Key words: Marine Mollusks -Elasmobranchs - Spermatogenesis – Sexual differentiation - Steroidogenesis - Aromatase - Spermatogonial stem cells – Cellular biology
Identification of early markers of spermatogenesis in the small spotted catshark (Scyliorhinus canicula L.).
Spermatogenesis start with the multiplication and differentiation of diploid spermatogonia and ends with the production of highly specialized haploid cells, spermatozoa. Continuous production of male gametes is dependent on the ability of spermatogonial stem cells (SSC) to renew while maintaining their stemness. This takes place within a specific microenvironment called the "niche" and involving autocrine and paracrine factors, these last ones secreted from the surrounding somatic cells. Our studies focus on the identification and functional characterization of the SSC and of the molecular players that control their self-renewal and differentiation using a Chondrichthyans model, the small spotted catshark (Scyliorhinus canicula). The identification of molecular markers is performed through proteomic and transcriptomic approaches on purified cells or testicular areas. Our studies also address the evolution of the niche of germline stem cells in Gnathostomes.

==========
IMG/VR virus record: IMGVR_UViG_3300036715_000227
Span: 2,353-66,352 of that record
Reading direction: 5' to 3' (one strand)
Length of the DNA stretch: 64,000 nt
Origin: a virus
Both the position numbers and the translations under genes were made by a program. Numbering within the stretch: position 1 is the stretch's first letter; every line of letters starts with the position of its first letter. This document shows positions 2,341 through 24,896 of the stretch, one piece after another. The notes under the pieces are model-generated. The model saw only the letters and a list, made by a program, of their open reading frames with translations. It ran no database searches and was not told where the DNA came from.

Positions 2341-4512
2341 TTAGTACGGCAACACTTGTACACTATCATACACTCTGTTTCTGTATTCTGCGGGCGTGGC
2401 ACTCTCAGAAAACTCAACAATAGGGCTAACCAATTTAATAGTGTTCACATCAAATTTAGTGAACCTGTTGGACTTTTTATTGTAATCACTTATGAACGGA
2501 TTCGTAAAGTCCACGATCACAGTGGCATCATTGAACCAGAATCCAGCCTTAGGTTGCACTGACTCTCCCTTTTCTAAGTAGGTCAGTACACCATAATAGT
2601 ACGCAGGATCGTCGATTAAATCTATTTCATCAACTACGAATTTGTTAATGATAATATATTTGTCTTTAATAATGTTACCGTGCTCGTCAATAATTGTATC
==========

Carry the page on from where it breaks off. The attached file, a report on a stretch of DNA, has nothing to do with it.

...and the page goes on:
Study of sex determination in the Pacific oyster (Crassostrea gigas).
This theme is of fundamental interest for the understanding of the gonadal differentiation in the oyster during its development and the adult gametogenesis cycles. The oyster is an irregular successive protandric hermaphrodite and poor information is available about the first development of the gonads or sexual reversion occurring sometime from one cycle to another. One of our objectives is to identify conserved factors of the molecular sex determination cascade. Knowledge of an early marker will allow us to define, if present, the time-window where gonadal differentiation could be under environmental influence.